Meet the Author Monday: Hanna Granot

Hanna Granot

It’s Meet the Author Monday! Each week we meet a new author and get to know a little about them, their writing process, publishing experience, and tips for other writers. Today we’re talking to Hanna Granot, author of Just Five Minutes With You, My Son: A Son’s Suicide, a Mother’s Journey.

About Hanna Granot:

Hanna Granot was a senior director in Israeli hi-tech companies for over forty years. Her young son, Dror Granot, RIP, died by suicide in 2003 while serving in the Israeli army. It was an event that generated an earthquake in his mother’s life and increased her desire to solve the riddle of his death, writing about it and sharing it.

She wrote prose and some poetry as a child, and after his death, she started writing personal stories for over ten years to solve the mystery of his death.

Hanna describes how she coped with the tragedy and grew from it. Hanna Granot has been helping other bereaved families and volunteers in suicide prevention programs for the last twenty years.

“I am creating my bond again with my son Dror. He was a happy and optimistic young man, and his suicide shocked us. The riddle of his death grows stronger as time passes, and I have yet to solve it. Perhaps I never will.”

About Just Five Minutes With You, My Son:

The mother-writer tries to delve into her son’s soul, who died by suicide during his army service, following a romantic breakup. The book may help bereaved families cope with their grief and explain to parents how to recognize signs that may lead to such a tragedy. She believes that if she could have noticed the signs before her son’s suicide, she might have been able to prevent this horrible tragedy.

Hanna aspires to meet and revive her son’s soul on her journey. She takes the reader hand in hand on her surprising life journey, writing from the bottom of her heart, and entering directly into the reader’s heart.
The book shifts between reality and imagination, creating a fascinating and unique plot texture, drawing the reader to identify with her and hold on to her hope and consolation. The stories and poems in the book also fluctuate between a distinct and ever-present loss and a journey to higher spheres where her son’s soul resides. Together, they create a unique blend of encounters. It is not a memorial book.

Author Interview with Hanna Granot:

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1. Tell us about your first published book. What was the journey like?

In his famous novel Anna Karenina, Tolstoy wrote, “All happy families are alike, but every unhappy family is unhappy in its way.”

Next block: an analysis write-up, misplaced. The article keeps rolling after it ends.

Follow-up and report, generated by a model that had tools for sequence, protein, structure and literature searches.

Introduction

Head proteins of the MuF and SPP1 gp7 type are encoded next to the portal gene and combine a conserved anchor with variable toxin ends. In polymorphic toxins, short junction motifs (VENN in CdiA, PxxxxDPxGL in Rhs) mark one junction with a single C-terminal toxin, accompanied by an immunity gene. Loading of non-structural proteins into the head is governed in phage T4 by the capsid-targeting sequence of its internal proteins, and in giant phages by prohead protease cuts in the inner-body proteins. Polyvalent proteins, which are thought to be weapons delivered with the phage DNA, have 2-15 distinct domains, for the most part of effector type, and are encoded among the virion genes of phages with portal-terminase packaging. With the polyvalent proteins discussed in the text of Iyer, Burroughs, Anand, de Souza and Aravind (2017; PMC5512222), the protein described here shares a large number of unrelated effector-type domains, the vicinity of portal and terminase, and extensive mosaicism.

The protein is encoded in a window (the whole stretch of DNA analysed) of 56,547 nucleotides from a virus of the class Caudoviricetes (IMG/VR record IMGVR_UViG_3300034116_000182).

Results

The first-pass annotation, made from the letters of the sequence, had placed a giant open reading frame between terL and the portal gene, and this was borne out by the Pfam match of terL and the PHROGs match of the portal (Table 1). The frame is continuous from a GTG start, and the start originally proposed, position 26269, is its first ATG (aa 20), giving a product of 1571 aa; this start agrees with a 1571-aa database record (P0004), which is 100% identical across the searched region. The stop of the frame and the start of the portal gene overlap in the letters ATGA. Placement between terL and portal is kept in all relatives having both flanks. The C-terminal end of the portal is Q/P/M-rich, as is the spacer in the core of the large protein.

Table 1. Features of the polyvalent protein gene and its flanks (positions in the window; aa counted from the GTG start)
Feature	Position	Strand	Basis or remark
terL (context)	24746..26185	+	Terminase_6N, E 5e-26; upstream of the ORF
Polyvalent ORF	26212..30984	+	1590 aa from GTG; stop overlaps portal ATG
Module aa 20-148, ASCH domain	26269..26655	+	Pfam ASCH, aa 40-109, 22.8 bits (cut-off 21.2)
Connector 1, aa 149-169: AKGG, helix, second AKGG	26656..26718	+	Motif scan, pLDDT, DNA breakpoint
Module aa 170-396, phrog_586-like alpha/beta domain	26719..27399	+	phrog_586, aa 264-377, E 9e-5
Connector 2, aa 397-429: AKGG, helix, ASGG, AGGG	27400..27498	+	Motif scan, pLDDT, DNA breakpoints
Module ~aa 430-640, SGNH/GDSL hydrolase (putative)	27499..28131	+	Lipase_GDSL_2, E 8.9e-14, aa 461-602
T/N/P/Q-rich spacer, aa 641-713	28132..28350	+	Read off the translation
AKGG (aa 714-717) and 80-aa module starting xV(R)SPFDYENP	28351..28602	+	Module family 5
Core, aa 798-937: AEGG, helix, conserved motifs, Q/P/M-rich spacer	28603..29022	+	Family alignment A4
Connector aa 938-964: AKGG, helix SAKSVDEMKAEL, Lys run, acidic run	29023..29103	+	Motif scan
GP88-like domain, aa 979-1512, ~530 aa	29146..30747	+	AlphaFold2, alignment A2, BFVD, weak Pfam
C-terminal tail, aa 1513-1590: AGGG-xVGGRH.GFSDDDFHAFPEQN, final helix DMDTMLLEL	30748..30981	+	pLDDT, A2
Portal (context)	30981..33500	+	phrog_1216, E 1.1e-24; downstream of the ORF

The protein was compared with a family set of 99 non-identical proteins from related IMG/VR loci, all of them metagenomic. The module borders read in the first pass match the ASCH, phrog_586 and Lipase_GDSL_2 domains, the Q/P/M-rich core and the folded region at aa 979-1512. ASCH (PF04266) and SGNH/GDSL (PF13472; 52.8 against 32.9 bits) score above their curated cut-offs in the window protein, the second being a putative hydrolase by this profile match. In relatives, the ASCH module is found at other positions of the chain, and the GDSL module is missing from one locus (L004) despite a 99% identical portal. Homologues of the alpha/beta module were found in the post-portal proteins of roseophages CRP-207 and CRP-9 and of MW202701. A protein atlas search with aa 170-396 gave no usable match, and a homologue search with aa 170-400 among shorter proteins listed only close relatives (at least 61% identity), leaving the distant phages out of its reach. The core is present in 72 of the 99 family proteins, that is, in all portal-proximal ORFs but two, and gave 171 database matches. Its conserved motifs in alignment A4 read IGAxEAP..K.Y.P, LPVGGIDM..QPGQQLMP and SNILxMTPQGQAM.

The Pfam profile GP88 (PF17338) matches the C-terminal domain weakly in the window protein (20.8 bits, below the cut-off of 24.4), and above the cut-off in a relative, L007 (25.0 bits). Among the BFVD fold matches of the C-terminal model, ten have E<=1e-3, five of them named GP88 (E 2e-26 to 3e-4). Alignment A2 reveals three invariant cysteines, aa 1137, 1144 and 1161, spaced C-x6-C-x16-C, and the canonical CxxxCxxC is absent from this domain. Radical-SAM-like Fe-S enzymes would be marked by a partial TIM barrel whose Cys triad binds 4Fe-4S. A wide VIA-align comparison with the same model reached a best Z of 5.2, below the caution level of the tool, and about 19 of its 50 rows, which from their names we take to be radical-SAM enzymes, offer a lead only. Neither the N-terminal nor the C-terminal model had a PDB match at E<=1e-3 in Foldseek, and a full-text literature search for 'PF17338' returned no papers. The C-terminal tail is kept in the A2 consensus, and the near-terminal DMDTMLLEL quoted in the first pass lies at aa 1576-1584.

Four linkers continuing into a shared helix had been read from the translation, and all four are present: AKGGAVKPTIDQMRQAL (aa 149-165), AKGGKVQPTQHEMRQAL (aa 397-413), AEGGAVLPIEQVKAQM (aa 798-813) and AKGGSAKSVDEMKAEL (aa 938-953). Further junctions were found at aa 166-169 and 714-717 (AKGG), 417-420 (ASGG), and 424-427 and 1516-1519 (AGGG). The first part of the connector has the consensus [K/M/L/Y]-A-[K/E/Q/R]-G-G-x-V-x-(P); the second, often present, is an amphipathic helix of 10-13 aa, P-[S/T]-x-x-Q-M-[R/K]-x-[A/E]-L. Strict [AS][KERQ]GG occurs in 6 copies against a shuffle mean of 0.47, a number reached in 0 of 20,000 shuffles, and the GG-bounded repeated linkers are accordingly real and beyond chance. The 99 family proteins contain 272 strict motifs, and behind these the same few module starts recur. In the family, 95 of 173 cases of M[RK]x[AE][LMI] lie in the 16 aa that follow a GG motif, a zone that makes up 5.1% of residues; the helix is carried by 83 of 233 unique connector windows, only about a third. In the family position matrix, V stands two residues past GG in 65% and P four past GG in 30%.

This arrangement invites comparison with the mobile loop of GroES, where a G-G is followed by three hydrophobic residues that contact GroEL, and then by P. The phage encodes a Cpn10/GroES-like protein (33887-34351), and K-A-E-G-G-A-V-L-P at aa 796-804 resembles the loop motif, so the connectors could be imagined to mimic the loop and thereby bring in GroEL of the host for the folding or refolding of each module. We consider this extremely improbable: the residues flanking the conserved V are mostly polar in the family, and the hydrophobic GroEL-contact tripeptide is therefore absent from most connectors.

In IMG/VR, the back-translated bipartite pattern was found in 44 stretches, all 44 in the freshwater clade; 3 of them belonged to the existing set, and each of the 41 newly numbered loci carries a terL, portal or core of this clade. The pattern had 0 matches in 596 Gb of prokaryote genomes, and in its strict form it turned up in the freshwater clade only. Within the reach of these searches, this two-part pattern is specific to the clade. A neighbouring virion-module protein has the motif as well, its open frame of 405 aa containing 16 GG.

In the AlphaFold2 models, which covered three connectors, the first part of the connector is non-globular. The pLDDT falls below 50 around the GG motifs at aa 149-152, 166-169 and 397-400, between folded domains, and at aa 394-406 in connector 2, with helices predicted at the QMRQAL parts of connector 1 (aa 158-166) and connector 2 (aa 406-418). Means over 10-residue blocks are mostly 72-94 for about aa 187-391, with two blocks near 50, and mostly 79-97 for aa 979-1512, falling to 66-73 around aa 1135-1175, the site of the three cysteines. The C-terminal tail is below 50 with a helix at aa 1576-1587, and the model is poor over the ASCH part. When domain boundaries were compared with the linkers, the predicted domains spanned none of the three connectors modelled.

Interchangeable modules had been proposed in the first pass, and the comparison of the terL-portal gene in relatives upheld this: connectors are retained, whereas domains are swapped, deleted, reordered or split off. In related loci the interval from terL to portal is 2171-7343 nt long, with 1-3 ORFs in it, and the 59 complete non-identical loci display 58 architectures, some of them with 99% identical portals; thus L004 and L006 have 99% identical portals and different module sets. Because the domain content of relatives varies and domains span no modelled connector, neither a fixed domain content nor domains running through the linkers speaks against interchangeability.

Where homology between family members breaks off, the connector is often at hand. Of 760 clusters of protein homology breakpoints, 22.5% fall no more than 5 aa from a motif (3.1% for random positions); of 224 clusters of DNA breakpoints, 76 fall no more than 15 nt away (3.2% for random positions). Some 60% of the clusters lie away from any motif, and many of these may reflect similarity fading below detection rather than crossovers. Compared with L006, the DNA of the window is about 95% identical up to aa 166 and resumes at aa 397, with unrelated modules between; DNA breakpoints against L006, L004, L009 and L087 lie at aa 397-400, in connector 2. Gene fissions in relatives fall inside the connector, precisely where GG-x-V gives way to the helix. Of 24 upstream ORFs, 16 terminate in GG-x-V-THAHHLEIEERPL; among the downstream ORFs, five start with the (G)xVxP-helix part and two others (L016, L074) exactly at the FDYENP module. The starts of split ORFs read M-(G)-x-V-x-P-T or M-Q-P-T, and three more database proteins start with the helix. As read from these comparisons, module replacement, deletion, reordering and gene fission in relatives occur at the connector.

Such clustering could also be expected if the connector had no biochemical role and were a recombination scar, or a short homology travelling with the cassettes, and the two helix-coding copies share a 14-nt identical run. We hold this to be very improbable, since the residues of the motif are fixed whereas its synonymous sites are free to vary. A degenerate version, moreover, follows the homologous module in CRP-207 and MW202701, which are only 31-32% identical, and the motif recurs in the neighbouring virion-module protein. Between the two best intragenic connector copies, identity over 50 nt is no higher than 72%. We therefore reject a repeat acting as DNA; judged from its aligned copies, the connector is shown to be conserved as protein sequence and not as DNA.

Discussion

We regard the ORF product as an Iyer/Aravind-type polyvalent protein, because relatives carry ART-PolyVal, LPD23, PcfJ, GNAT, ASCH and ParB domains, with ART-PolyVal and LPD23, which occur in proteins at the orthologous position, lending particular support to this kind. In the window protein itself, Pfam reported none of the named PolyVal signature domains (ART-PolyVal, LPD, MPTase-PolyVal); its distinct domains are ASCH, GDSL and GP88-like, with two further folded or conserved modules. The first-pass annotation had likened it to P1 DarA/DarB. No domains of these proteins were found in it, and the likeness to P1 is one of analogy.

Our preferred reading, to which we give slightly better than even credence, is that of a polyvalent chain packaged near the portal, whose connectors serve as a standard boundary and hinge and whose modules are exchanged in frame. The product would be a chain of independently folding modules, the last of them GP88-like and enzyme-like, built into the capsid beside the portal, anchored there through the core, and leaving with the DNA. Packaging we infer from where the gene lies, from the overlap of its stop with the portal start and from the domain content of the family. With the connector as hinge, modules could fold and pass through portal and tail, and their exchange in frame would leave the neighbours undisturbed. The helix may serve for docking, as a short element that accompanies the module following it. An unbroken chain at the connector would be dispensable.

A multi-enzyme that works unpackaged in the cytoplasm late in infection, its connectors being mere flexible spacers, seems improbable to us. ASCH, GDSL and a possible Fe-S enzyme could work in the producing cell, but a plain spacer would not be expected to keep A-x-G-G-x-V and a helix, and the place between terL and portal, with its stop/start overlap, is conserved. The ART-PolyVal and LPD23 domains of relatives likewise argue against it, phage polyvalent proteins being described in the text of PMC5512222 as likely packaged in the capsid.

When the knife tore our life, we were a happy family, and suddenly the world collapsed on us. A decision we made from the first moment – we choose life! We have two daughters and will try our best to give them regular life.

I turned my grief to writing and sharing my journey with other people. The subject is susceptible, and my family’s exposure is sensitive. It’s like touching the fire that burns but also warms. Dror died by suicide following unrequited love. Suicide is not a result of one reason. It is a complex process, and every case is different. In my book, I sharemy soul. In my journey into myself, I learned to accept Dror’s choice of death. I immersed myself in the depths of sorrow that engulfed him at the time of his suicide, and I do not blame him, nor am I angry with him. I discovered that my deep disappointment in myself for not supporting my son at the moment of truth, did not need to weaken me. Maybe I could not save him. And that required remarkable mental resilience to cope with the abyss of guilt and pain within me over a long time.

I published my first book in Hebrew in the summer of 2020. The Corona Virus was in full swing. I got plenty of good reviews from the Israeli readers. As I have family also in the USA, I decided to translate it. I think that the suicide problem is universal, and readers all over the world can understand and learn from my story.

2. What inspired you to start writing?

I wrote my book, “Just Five Minutes With You, My Son,” for over ten years, trying to understand the mystery of his death. My book shifts between reality and imagination, creating a unique plot texture and drawing the reader to identify with my journey for hope and consolation. There are fifteen stories and two poems describing several angles from his life and my experiences since his death, from his childhood until now. But it is not a memorial book.

Even after twenty years, I cannot stop imagining his feelings and thoughts, especially during the last week of his life when his heart broke. That led me to examine what happens in a person’s heart who has lost hope.